Berlin: Extended Tram Line to Connect Friedrichshain to Kreuzberg

The Berlin Senate just decided to start planning an extension to tram line M10. In a few years from now, it is supposed to take passengers all the way to Hermannplatz, a chaotic square in Neukölln. Those trams will have to cross a river and a canal. Besides, their tracks will run through rather narrow urban canyons.

Berlin, April 13th, 2021 (The Berlin Spectator) — What do you do when your city of 3.8 million inhabitants is about to burst, and when all residents insist on moving back and forth all day long? What do you do when your public transport is antiquated and crammed, and when you feel you have to offer more? Well, you take a shovel and dig a new tunnel for the metro. But what if you have done so already and you need to come up with a new idea this time? Then you just plaster the city with new tram tracks. And this is exactly what the Berlin Senate decided to do today.

Somehow, the extended line needs to cross Oberbaumbrücke. Photo: Imanuel Marcus

Noise and Dust

Your mission, should you choose to accept it, is to extend the M10 tram line. So far, it connects Berlin Central Station to Warschauer Strasse, on the north-eastern side of the Spree river. From there, it is supposed to cross the river via Oberbaumbrücke, one of Berlin’s more famous and most busy bridges. It is already being crossed by pedestrians, cyclists, motorists and the ‘U-Bahn’, Berlin’s subway, underground, tube or metro. Is there enough room on the bridge for tram tracks? No.

Squeezing tram tracks into this narrow street might be a challenge. Photo: Imanuel Marcus

Once the bridge issue is resolved, the German capital’s main public transport provider BVG will have to look into squeezing 2.9 kilometers (1.8 miles) of tram tracks into rather narrow Kreuzberg streets that feature those typical Berlin apartment buildings on both sides. Their residents will not be too happy about years of construction and the constant noise trams cause. On the other hand, they might appreciate the fact that they will have improved connections once the dust settles.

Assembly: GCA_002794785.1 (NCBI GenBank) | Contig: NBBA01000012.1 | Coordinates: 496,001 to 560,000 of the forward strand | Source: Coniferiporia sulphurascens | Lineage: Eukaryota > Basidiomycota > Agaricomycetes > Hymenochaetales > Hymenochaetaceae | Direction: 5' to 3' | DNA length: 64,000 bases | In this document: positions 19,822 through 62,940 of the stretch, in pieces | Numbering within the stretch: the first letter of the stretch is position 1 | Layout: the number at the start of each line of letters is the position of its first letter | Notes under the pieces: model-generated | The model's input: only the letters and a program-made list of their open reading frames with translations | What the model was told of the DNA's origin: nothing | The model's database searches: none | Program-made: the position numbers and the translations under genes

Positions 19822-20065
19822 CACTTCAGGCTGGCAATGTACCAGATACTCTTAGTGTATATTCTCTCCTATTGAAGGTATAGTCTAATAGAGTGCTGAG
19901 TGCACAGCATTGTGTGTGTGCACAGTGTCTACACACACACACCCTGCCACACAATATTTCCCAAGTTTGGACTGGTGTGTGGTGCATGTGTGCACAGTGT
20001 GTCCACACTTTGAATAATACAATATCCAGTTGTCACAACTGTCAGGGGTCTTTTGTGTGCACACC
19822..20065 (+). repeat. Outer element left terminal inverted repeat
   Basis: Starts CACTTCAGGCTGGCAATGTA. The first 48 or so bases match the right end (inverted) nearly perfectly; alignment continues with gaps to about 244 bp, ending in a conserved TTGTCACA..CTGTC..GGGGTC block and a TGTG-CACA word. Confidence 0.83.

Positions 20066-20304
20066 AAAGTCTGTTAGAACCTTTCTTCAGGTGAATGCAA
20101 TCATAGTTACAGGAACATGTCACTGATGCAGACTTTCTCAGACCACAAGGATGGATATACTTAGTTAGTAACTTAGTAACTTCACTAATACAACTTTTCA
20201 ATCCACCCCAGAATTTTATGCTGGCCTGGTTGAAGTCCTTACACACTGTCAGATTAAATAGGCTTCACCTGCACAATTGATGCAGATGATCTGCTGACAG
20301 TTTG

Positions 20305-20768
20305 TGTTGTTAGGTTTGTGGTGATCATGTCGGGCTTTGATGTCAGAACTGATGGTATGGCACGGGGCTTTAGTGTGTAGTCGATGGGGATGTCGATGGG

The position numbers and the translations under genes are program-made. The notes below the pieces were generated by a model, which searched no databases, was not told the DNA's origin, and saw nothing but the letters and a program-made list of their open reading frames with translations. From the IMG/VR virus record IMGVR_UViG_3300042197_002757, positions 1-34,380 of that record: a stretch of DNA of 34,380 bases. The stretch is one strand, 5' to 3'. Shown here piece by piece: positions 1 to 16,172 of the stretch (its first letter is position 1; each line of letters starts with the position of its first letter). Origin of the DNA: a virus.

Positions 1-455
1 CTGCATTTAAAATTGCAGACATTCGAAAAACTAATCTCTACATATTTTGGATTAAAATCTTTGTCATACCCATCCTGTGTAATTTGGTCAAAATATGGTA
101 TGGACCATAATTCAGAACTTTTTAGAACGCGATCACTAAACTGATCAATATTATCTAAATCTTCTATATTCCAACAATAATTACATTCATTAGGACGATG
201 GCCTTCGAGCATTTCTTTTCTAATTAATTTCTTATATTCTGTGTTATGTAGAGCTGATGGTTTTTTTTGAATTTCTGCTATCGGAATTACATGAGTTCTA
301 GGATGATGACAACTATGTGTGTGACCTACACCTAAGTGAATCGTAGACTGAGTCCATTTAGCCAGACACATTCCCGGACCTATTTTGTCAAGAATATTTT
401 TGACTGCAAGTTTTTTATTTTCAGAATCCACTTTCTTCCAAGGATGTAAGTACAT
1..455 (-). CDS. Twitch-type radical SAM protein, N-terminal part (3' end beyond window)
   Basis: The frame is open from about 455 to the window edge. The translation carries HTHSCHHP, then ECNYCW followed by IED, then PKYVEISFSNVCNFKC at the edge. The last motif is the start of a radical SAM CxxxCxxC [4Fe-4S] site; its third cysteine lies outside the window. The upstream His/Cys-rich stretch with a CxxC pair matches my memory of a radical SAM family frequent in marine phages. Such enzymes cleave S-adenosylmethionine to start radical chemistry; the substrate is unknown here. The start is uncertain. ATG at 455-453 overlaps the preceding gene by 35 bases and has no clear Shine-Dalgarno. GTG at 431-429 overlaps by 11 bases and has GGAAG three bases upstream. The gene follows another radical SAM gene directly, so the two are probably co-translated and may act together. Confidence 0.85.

Will this tiny bridge even hold trams? Photo: Imanuel Marcus

Tiny Bridge

The following streets will likely be affected: Falckensteinstrasse, Glogauer Strasse, Pannierstrasse and Sonnenallee. All cars will have to be kicked out of some of these streets. Crossing the infamous Görlitzer Park is the easiest part. One of the hardest ones is getting across Hermannplatz square, a chaotic spot with a gazillion bus lines, a big ‘U-Bahn’ station, lots of other traffic, weekly outdoor markets and a major department store. Whoever plans this endeavor will need some genius ideas to make this happen. Moving the entire square to neighboring Brandenburg, or to Mars, might work. At least crossing the Landwehr Canal should be easy as pie, if the tiny bridge on Glogauer Strasse is stable enough.

Görlitzer Park is the easiest part. Photo: Imanuel Marcus

For the BVG, spokeswoman Petra Nelken told The Berlin Spectator, the technical part of a project of this kind was easy. But trams did require some room. She reminded this publication of the fact that Berlin always was a city of trams. It would not be the first time a tram line is installed at Hermannplatz. Now that the Senate has decided to plan the project, the next step is to look into details and to start a European tendering process.

Valorized Park

Berlin’s Transport Senator Regine Günther is enthusiastic about the project. East and west would be connected more, she said, referring to the fact that Berlin is still in the process of growing together in this regard as well. Network gaps would be closed, also because the M10 extension would connect the tram line to the ‘U-Bahn’ lines 7 and 8, Mrs. Günther said. For Görlitzer Park, Senator Günther promised a traffic guidance that will protect the greenery there. The park would even be valorized, she stated.

Urbanstrasse is supposed to be the final destination for the M10. Photo: Imanuel Marcus

The project will not come for free, and it will take quite a while until the first passengers will be taken from Warschauer Strasse to Hermannplatz on the M10, probably until the year 3000. The official version is that it will take until 2026 or 2027. Since there is no tunnel digging, this is actually rather quick. One thing is certain: Senator Regine Günther is a busy lady, also because there is yet another public transport project. The Senate just decided to extend the tram lines 12 and 27 from Weissensee to Heinersdorf as well. And she initiated both projects. It remains to be seen what is next.

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